Many multinationals have operations in Ireland, despite the country being a small market for sales
Ireland could suffer a significant loss in tax revenue from multinationals if new proposals from the OECD are agreed, according to the lobby group Chartered Accountants Ireland.
It warned proposals to change the way multinational companies are taxed will benefit large countries at the expense of Ireland.
In a major change in policy, the OECD has proposed applying taxes to products based on the jurisdiction in which they are sold, rather than the location of the company’s operations.
This would mean that a multinational that has its European headquarters in Ireland would, for example, pay the British corporation tax rate on the profits of a sale made in England rather than the Irish rate as currently applies.
The proposal forms part of a wider review by the OECD into the way digital products are taxed internationally.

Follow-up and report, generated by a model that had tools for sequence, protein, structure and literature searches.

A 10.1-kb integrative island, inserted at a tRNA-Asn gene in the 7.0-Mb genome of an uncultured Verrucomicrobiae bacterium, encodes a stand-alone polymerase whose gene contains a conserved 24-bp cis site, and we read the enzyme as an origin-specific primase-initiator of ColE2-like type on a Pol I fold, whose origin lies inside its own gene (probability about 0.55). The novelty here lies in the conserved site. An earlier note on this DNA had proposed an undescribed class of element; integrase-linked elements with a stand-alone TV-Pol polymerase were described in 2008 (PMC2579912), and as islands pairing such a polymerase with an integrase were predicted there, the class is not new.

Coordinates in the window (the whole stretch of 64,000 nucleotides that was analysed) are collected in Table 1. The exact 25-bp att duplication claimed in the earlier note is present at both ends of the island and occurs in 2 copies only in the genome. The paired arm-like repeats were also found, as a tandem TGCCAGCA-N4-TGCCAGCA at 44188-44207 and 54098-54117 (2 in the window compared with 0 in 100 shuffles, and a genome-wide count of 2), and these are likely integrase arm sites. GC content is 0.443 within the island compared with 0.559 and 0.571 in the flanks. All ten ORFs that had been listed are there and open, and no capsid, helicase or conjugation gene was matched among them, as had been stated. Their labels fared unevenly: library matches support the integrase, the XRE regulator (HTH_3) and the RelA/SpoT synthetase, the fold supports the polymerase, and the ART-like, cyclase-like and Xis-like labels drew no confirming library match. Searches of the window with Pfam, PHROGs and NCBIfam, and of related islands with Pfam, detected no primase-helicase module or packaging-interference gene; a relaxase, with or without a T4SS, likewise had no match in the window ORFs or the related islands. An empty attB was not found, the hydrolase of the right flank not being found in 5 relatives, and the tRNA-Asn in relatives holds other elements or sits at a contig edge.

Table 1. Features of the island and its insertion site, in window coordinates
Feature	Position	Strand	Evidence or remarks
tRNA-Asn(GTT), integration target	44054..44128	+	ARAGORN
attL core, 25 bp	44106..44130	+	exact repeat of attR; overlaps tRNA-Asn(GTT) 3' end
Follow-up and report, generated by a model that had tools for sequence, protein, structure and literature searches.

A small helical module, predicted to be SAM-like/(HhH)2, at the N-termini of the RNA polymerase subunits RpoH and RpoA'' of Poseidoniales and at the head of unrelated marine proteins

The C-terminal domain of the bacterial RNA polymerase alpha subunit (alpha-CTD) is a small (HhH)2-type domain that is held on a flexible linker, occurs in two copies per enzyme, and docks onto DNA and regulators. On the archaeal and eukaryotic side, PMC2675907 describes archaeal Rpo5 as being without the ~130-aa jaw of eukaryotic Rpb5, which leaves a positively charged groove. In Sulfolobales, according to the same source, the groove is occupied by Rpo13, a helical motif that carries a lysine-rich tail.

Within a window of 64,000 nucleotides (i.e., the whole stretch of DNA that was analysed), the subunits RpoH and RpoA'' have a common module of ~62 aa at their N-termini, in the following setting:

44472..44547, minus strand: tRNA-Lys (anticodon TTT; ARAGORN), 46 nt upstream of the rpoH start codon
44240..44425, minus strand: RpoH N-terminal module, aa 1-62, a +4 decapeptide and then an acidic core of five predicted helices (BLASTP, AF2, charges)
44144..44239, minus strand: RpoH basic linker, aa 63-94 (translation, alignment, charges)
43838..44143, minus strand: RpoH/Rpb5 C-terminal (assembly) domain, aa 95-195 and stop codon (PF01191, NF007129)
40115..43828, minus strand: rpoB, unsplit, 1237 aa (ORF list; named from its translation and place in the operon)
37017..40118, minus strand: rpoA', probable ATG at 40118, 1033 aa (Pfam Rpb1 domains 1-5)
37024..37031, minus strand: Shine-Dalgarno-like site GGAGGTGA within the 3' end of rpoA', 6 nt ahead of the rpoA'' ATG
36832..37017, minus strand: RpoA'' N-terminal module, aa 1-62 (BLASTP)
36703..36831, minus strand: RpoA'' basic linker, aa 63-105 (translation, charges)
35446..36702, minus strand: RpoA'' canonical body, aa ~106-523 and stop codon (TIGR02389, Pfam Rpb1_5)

According to Brian Keegan, tax director at Chartered Accountants Ireland, the proposed move would “fundamentally change the business model for companies based in Ireland”.
The change would mainly benefit large countries where a lot of sales take place, while disadvantaging small states, such as Ireland, which host a large number of companies, despite being minor markets in terms of actual sales.
“From the OECD’s own figures, Irish exports in the sector constitute 12.7% of the world market, and we rank second only to India in terms of market share,” said Mr Keegan.
“Accordingly, if these proposals were to be adopted, Ireland could be the biggest loser in terms of our corporation tax take.”
Mr Keegan said it was vital for businesses to engage with the OECD process to “point out the flaws” in their reasoning.
The OECD proposals are subject to public consultation until 14 April.